Nicole O'Dell said...

I agree, discussion is a good thing. Good for you for taking a stand and speaking out.

Carla said...

Lisa, while I understand where you are coming from now that you have a different perspective, this question really bothered me:

"So I've just started wondering: do these kids' parents know they use words like this? Do they tolerate it?"

You make it sound like "these kids" are running around saying f**k, sh*t, d*mn while their parents listen in. You said yourself that you used to use the word retard without a second thought. You have to realize that to most kids words like retard, dork, and butthead are just names they call other kids. You can't expect children to really understand the weight of their words, until someone explains what it really means and why it is hurtful.
I admit, I didn't think twice when I heard people use the word retard. It ranked right up there with dummy head and goober. I mean, I know that calling someone who is mentally retarded a retard, is rude. But it wasn't until you mentioned your experiences that I understood that using the words retard/retarded in general could cause hurt feelings.
I think it's great that you and Kevin are making a point of educating people about how hurtful it can be, just know that it's going to take time to reach everyone.

Jen said...

Good for you, Lisa. You had every right to send that letter.

heather said...

I have to say that I don't agree with what Carla said. The R word is a HATE word and parents and teachers don't even flinch when they hear their kids say it at home or school. But you better believe they talk to the kids when they hear them use the F word. The R word causes a lot more pain and harm than the F word. It is time to educate all those around us...parents, friends, teachers, children. We can all look deeper into our vocabulary to find the word that is a more accurate definition of what you are trying to say. I blogged about this back in August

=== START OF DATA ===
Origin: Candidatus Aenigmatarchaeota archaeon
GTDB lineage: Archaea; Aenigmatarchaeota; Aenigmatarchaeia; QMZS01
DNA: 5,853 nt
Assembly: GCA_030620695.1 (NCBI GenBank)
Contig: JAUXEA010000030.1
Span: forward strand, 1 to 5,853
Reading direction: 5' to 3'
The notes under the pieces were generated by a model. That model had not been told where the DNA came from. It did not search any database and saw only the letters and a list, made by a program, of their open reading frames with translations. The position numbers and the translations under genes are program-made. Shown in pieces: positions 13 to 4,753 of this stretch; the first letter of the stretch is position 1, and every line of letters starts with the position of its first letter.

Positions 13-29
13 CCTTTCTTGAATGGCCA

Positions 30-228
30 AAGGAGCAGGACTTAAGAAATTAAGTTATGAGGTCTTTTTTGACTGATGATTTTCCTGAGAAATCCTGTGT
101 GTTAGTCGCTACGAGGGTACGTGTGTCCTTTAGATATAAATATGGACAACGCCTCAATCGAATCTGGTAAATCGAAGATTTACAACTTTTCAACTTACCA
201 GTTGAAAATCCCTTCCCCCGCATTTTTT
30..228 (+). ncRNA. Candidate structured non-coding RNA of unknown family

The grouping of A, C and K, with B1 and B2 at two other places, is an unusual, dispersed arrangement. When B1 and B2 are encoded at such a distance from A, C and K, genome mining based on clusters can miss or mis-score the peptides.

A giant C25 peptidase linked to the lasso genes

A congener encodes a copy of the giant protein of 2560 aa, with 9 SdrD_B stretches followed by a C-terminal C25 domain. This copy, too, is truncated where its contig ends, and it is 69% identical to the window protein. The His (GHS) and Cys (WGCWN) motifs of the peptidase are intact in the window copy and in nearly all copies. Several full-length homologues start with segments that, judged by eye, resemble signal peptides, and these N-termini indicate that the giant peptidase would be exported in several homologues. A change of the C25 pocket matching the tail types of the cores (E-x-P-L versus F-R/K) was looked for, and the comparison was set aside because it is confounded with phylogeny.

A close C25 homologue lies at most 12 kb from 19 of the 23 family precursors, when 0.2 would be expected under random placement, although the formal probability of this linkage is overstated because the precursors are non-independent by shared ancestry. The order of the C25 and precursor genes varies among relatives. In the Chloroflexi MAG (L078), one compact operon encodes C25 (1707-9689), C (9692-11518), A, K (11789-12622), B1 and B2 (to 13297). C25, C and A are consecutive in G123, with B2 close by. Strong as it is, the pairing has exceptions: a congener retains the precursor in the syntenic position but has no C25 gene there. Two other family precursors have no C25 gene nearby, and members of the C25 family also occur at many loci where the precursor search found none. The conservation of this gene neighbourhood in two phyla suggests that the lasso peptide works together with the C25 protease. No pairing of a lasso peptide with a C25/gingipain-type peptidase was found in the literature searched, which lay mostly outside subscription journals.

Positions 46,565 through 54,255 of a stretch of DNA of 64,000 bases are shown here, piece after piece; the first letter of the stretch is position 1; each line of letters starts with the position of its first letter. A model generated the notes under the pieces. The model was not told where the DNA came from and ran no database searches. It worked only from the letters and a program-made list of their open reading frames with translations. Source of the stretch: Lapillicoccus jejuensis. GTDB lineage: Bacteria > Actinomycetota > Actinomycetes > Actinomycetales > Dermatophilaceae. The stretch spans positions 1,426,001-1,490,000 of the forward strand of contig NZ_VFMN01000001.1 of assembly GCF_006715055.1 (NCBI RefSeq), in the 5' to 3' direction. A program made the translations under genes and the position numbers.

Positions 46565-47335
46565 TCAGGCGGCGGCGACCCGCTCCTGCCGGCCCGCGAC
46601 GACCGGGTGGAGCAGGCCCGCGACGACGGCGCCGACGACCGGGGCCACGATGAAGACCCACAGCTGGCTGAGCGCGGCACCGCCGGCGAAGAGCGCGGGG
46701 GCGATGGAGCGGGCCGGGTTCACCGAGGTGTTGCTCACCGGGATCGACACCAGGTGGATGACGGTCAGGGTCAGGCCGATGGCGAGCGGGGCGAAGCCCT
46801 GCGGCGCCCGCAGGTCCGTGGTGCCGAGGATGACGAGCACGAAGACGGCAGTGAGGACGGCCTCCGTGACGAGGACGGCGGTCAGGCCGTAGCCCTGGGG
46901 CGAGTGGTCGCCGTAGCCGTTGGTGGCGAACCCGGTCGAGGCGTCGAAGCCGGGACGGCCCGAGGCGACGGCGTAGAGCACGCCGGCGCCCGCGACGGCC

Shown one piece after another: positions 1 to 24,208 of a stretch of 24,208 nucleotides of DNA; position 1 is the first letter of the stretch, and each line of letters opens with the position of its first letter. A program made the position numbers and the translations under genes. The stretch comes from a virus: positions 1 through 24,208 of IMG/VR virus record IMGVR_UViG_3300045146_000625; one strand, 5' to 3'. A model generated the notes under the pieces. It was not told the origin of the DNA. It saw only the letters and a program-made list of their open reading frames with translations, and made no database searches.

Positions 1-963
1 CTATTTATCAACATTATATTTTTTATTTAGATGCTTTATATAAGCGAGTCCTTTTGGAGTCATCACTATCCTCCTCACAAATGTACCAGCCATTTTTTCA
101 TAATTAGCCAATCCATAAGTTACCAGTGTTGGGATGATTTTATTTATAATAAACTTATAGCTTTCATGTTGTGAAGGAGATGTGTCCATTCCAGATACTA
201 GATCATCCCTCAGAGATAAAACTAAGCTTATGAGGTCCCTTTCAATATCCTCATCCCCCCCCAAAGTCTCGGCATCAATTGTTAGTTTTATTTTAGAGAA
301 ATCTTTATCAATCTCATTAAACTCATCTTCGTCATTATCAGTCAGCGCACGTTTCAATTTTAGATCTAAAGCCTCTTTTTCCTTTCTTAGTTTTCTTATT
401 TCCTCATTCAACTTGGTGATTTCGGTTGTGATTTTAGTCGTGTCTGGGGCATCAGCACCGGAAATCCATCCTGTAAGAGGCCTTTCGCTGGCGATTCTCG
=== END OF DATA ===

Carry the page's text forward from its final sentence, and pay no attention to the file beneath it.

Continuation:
Thanks for taking the time to write this letter and sending it to your friends. It takes all of us to make a difference!

heather said...

Check out this video on youtube about the R word. This is my favorite and I had my kids watch it too. A great education tool.

Heather said...

I think we can all admit to not always recognizing the weight of our words until they impact us personally. And words do carry weight, more than sticks and stones I would venture. That is why it is so important raise awareness and put a face to why certain words can be so hurtful. That being said, and understanding that our kids don't use the same language around us as they do in the schoolyard I think the harder,and possibly more important work, becomes teaching our kids respect. For themselves, their family, their friends, for people who are different, and even for people we don't like much. How many of us give ourselves permission to bad mouth someone because they cut us off in traffic.

I appreciate this post. I will admit that I have used that word in the not so distant past but as of now, it's not in my lexicon. I'm just glad I got that letter now instead of after my son heard me say it.

kristycolvin said...

Hi Lisa
I haven't been by in a while because I have just been so busy! But I wanted to give you a suggestion on helping your kids at school. We have an event called Genes Day that is coming up for World Down Syndrome Day. This is a totally educational event to spread awareness throughout your community.

We have several ways that you can spread awareness and one way we do this is in the schools. We have games for the kids to play to help them understand that although kids with Ds may take a little longer to get things done, they are still just like them.

Please check out our site and click on the Genes Day logo for all the detailed information.

If you have questions, feel free to email me.